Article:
• …trips and traps them instead.

                  This is why I place little credence in the dire predictions based on the numbers receiving .gov assistance. Aside from the various ways those numbers are inflated by various parties, the system cripples folks ability to break free.

                  I see that as less dire and more in need of correction.

          • John C Wright

            Women, Minorities Sure to Suffer Most from Total Earthlife Extinction!

            • marycatelli

              Actually, the place where I recently ran across that was the blog of the woman who think women can talk to plants. All how the horrible, horrible, horrible men caused this, and how the women will suffer. Given her general paranoia (she dislikes getting hits, which mean that they’re out to get her) and her pathological hatred of men, she really had a ball with it.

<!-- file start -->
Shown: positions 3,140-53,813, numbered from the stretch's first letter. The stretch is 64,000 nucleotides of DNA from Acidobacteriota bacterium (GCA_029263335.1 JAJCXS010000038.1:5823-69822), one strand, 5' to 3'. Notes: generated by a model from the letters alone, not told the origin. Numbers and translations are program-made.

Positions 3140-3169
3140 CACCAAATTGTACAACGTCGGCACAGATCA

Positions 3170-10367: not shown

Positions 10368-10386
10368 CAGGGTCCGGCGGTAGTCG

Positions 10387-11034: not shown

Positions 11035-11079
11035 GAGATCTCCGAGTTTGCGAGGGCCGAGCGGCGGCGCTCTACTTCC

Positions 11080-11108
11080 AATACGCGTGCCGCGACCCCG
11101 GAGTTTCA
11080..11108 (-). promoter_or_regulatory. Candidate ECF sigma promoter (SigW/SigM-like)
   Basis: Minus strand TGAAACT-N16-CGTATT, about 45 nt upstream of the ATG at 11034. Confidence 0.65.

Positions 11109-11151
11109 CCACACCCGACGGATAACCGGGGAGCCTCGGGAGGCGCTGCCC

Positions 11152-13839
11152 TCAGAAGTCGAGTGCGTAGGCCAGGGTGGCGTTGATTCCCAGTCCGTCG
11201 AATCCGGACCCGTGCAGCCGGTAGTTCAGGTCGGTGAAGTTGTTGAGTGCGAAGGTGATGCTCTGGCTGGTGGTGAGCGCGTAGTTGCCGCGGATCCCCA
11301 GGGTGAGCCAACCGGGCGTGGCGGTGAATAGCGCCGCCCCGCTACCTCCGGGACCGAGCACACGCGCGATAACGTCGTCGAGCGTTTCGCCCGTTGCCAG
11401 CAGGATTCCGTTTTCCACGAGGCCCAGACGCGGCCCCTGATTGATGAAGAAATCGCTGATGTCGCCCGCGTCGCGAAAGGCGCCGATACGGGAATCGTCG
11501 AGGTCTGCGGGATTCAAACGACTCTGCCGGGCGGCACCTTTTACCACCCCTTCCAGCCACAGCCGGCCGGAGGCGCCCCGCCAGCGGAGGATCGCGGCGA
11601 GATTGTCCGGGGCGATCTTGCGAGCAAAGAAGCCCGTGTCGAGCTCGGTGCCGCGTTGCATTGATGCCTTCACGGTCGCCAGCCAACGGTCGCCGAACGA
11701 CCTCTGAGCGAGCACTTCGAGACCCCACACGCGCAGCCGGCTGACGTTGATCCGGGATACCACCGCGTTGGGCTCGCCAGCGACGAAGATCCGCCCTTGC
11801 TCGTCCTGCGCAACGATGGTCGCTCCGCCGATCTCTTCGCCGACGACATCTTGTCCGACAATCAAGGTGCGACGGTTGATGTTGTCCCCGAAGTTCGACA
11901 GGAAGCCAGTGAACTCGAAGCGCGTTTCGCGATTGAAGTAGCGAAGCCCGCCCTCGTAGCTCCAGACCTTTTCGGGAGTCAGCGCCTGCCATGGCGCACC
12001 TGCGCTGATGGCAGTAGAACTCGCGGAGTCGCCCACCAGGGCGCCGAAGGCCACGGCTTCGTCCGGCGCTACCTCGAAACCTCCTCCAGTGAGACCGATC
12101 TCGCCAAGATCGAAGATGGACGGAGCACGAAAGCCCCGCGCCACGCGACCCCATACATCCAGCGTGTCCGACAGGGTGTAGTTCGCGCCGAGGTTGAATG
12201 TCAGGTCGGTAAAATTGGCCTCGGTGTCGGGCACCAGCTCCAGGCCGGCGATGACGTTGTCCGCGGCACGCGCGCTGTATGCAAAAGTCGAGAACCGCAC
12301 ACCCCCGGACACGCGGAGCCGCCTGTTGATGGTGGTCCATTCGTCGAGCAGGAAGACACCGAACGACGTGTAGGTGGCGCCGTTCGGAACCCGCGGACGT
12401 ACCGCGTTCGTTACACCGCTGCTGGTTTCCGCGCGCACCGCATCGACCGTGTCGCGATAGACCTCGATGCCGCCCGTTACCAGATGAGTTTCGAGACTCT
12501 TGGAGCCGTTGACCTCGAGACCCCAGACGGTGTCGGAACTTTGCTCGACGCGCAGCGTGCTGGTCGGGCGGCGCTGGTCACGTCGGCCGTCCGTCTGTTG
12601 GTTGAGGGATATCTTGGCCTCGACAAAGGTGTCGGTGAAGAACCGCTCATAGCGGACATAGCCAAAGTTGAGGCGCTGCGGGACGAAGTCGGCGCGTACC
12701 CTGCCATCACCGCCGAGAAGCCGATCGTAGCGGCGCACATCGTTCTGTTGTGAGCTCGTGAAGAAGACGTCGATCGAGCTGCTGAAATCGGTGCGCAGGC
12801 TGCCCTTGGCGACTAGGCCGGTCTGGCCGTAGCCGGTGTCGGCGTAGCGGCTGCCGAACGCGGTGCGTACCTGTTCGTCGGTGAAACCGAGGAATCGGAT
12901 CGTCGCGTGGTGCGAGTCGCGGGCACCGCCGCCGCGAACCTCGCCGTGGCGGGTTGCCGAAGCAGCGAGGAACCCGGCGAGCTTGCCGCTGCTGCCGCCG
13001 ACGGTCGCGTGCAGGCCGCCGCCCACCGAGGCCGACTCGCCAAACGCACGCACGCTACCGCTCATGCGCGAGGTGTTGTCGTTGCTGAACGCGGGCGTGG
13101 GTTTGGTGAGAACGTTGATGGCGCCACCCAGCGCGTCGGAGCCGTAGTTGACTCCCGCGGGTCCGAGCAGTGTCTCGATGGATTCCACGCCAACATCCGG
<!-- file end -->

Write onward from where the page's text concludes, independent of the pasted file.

• Of course women can talkto plants (men as well for that matter). It’s getting the plants to talk back that’s difficult. 😉

                My plants never live long enough to start talking to me.

                • marycatelli

                  Mine are, like me, introverts. We just hang out and don’t bother talking. 0:)

                • Mine scream “Get me out of this woman’s house. She kills us.” 😛

                  • And trying to convince people that “Please don’t give me a plant, I’ll just kill it,” means “Please don’t give me a plant,” not “Take this plant. You can’t kill this one.” Hah! Watch me!